We’re all Doomed!

It seems like everyone, right now, is convinced of their own doom. The pages of the Guardian are full of angry leftie types who feel betrayed by 52% of the electorate, while the pages of the red-top papers are little better and filled with angry accusations of treachery and imagined attempts to subvert the result of the Brexit vote. Bizarrely, every side feels under threat simultaneously, but in crazy times like these maybe they’re all right. When the rules of the game fall apart, no-one can be sure anymore what it takes to win, or what winning even means, even if the team captains themselves were the ones who shot the referee and are now warring for possession of the rule book. The village has to be destroyed in order to save it.

According to Google and Wikipedia, the original sense of the word doom was judgment, someone receiving what they deserved:

Old English dōm ‘statute, judgement’, of Germanic origin, from a base meaning ‘to put in place’; related to do.

And there’s certainly a lot that needs judging. The Brexits and Trumps of the world weren’t random events, they were responses to the faults that run through the way we organise the world, and the increasingly desperate papering over the cracks. Every system contains the seeds of its own destruction (as Marx supposedly said of capitalism), and when those seeds germinated there were two choices:

  1. Be honest about the problems and the drastic changes required to fix them
  2. Lie, pervert and distort all law and reason to delay burying the bloated but familiar corpse as long as possible

It doesn’t take much to see which way our illustrious leaders went.

Large societies always find it hard to fundamentally reform, because the illusion of permanence is the only way they can work. Imagine what would happen if people with pounds in their pockets didn’t believe that the pound was a stable store of value, with a stable and strong government behind it? Or if they didn’t believe that their pensions would deliver what was promised? If they didn’t act as if institutions, which are composed entirely of rules and therefore in theory more mutable than anything physical, would endure forever?

In such a world, the only thing you can trust are friends and family, but no system of 60+ million people (such as the UK itself) can be run on that basis. It’s been tried in Africa and other parts of the world where small tribes were randomly allocated to states, and the result has generally been massive corruption and a state that barely functions at best. The ability to work together with strangers, the historically bizarre cultural belief that the system itself can substitute for personal links, is what makes the advanced economies work, but that very illusion means that nothing fundamental can be fixed without bringing into question the very basis of the system, even when the system is tearing itself apart. There’s always a temptation to tweak and paper over the cracks and hope.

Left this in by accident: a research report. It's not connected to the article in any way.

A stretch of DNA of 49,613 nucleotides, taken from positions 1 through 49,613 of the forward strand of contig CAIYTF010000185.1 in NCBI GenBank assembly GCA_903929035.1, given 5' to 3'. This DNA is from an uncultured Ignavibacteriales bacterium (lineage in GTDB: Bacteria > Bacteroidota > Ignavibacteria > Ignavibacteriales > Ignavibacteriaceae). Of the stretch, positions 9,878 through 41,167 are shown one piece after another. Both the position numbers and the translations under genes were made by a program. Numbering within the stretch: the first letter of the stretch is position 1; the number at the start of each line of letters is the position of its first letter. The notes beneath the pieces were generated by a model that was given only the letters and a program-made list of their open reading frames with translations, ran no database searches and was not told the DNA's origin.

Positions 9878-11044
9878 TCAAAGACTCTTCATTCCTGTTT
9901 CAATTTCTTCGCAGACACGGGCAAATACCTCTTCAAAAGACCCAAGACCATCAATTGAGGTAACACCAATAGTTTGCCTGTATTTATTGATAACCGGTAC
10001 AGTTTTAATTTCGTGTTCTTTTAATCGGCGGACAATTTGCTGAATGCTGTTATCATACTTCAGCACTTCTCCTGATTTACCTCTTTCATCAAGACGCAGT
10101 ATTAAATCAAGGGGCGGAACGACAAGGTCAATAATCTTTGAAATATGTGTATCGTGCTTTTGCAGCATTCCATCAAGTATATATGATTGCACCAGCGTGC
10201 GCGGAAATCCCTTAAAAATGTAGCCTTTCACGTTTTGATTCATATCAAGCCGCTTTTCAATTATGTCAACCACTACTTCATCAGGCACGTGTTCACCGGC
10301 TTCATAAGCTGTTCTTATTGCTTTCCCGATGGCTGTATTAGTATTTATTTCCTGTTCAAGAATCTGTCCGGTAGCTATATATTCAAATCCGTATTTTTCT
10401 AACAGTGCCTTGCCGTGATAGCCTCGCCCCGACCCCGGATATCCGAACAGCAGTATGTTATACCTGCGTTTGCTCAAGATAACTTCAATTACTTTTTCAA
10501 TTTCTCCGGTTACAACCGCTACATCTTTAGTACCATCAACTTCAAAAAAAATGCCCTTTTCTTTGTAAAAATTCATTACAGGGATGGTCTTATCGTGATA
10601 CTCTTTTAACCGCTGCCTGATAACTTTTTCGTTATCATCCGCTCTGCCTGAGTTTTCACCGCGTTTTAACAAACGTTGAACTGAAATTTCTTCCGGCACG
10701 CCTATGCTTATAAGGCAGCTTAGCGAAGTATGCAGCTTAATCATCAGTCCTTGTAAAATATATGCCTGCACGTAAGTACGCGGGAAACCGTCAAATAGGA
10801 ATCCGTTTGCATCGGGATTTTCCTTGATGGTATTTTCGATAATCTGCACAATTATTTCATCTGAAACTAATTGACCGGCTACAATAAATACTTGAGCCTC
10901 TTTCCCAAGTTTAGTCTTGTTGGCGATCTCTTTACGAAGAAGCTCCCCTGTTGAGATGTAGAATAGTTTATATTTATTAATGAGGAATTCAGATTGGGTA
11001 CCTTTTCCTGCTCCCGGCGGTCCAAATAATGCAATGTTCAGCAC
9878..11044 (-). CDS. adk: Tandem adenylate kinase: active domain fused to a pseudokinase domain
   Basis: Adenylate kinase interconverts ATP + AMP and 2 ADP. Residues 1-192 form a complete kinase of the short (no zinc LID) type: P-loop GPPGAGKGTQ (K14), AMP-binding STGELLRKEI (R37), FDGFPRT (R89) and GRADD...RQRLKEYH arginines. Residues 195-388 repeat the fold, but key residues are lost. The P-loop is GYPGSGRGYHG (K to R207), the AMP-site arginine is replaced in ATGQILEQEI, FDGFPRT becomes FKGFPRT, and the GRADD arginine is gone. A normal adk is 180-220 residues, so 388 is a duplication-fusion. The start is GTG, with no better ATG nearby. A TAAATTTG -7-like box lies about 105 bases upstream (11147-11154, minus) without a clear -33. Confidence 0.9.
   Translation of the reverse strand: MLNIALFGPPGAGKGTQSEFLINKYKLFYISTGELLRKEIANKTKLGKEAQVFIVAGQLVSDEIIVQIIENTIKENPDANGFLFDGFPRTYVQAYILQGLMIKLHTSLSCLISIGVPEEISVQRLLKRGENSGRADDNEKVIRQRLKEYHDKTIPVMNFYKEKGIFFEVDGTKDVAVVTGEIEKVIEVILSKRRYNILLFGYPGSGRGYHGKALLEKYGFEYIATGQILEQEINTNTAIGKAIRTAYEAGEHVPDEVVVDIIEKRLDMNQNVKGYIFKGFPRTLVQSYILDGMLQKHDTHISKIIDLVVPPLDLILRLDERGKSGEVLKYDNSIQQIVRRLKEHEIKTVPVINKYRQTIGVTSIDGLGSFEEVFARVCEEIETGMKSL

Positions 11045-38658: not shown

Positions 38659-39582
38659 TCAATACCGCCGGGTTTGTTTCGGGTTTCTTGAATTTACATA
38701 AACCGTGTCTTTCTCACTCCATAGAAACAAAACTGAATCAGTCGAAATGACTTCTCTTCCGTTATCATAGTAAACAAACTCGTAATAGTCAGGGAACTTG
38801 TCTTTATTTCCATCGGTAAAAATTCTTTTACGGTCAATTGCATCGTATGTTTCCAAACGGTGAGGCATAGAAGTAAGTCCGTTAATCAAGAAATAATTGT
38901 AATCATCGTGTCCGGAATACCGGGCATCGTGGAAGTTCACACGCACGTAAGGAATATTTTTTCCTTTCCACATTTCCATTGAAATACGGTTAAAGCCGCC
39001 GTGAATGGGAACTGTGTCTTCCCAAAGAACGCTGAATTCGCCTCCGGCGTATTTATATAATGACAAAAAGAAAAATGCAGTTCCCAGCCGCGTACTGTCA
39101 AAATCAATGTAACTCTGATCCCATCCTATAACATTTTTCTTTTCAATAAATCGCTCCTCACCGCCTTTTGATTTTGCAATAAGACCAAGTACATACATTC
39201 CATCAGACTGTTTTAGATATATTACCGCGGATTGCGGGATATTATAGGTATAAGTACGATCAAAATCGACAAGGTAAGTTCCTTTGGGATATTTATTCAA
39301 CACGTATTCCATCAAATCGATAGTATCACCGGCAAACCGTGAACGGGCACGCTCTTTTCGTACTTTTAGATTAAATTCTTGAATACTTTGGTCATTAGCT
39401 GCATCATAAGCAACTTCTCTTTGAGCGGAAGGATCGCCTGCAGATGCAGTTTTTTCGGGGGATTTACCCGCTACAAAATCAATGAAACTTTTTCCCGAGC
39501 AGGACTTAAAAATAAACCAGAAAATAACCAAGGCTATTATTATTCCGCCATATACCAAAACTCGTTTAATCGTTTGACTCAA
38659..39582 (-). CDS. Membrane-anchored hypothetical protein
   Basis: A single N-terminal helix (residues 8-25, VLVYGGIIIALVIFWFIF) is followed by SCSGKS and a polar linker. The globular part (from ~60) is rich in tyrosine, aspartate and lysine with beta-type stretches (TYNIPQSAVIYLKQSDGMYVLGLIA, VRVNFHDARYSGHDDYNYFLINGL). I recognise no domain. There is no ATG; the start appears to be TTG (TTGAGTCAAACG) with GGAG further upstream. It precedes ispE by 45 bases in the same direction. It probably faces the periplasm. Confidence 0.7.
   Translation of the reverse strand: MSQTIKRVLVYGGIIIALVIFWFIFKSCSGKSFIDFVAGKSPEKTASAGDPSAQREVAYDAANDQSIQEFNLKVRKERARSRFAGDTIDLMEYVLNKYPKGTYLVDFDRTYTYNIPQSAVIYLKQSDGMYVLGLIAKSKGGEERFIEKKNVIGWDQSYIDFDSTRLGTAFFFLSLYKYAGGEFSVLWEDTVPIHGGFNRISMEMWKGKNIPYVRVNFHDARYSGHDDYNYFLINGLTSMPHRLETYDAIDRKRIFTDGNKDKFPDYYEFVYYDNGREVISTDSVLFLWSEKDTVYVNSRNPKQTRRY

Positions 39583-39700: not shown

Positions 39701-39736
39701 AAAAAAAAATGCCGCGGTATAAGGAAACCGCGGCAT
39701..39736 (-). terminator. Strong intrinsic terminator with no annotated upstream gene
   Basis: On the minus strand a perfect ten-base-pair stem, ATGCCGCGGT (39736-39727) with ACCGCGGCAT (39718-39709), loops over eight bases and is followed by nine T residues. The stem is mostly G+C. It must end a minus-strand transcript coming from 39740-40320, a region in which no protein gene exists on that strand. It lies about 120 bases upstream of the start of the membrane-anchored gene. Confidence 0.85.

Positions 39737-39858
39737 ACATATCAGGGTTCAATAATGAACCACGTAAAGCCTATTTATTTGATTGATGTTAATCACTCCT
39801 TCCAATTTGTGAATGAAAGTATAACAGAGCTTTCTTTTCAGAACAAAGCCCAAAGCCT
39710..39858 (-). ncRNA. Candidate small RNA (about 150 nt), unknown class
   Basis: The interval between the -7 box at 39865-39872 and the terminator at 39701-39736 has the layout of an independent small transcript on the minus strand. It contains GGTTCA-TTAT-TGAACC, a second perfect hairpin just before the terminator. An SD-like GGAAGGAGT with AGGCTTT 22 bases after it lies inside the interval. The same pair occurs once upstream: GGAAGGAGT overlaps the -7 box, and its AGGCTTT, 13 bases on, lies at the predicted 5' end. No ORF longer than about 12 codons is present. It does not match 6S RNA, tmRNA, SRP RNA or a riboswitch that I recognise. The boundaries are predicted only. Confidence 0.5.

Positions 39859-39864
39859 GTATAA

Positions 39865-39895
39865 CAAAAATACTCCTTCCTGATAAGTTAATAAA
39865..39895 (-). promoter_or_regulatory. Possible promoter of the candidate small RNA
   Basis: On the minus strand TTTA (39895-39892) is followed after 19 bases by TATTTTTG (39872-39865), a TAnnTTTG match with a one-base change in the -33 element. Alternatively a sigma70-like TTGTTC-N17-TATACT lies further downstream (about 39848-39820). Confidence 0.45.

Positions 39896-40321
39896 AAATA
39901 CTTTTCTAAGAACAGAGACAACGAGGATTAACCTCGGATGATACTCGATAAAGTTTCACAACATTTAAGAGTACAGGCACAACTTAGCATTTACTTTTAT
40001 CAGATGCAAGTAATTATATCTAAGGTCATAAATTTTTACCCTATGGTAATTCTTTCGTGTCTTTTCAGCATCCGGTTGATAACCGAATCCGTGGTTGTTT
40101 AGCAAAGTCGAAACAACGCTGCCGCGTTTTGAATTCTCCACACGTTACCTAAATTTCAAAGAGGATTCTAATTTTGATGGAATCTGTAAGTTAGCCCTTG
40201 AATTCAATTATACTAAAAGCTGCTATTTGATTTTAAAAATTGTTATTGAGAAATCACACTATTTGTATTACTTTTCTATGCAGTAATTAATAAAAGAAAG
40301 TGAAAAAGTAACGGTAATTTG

Let’s take our current repeat of the Great Depression as an example:

  1. SUCCESS: In the post-war period, Keynesian policies created a much more equal society with a much higher standard of living for the working class than before.
  2. FAILURE: The pursuit of full employment gave organised labour a lot of bargaining power. In the 70s when the economy hit the rocks, workers were basically unable to reach a compromise with the investment class about how to divide limited spoils. The result was the three day week and a country at war with itself.
  3. SUCCESS: Margaret Thatcher broke the UK unions and redistributed power towards the investment class. After a sharp recession, the economy started functioning again and, combined with a boost from North Sea gas and oil, things seemed to improve.
  4. FAILURE: Instead of rebalancing power between labour and investors, the pendulum swung massively too far the other way. Not only was the power of organised labour destroyed, but the government deliberately pursued policies to increase competition in low-skilled jobs by bringing cheaper labour into the EU and pushing free-trade deals that facilitated off-shoring of jobs. This caused a shortage of demand for the goods being produced – the propensity to spend at the bottom is higher than the top, and there has to be enough money spent to buy the goods being produced or the economy enters a death spiral. The lesson of Keynes was ignored by Thatcher and other followers of Friedman.
  5. SUCCESS: A liberalised financial sector (also due to Thatcher) propped up consumer demand by creating a debt bubble. Secured lending on housing, and unsecured lending via credit cards, created money to plug the spending gap (yes, banks create money, and the money multiplier model is empirically wrong). Everything seemed to be OK as long as the bubble was inflating. Since the liberalisation of finance also occurred across borders, positive feedback loops crossed borders too to reinforce the bubble.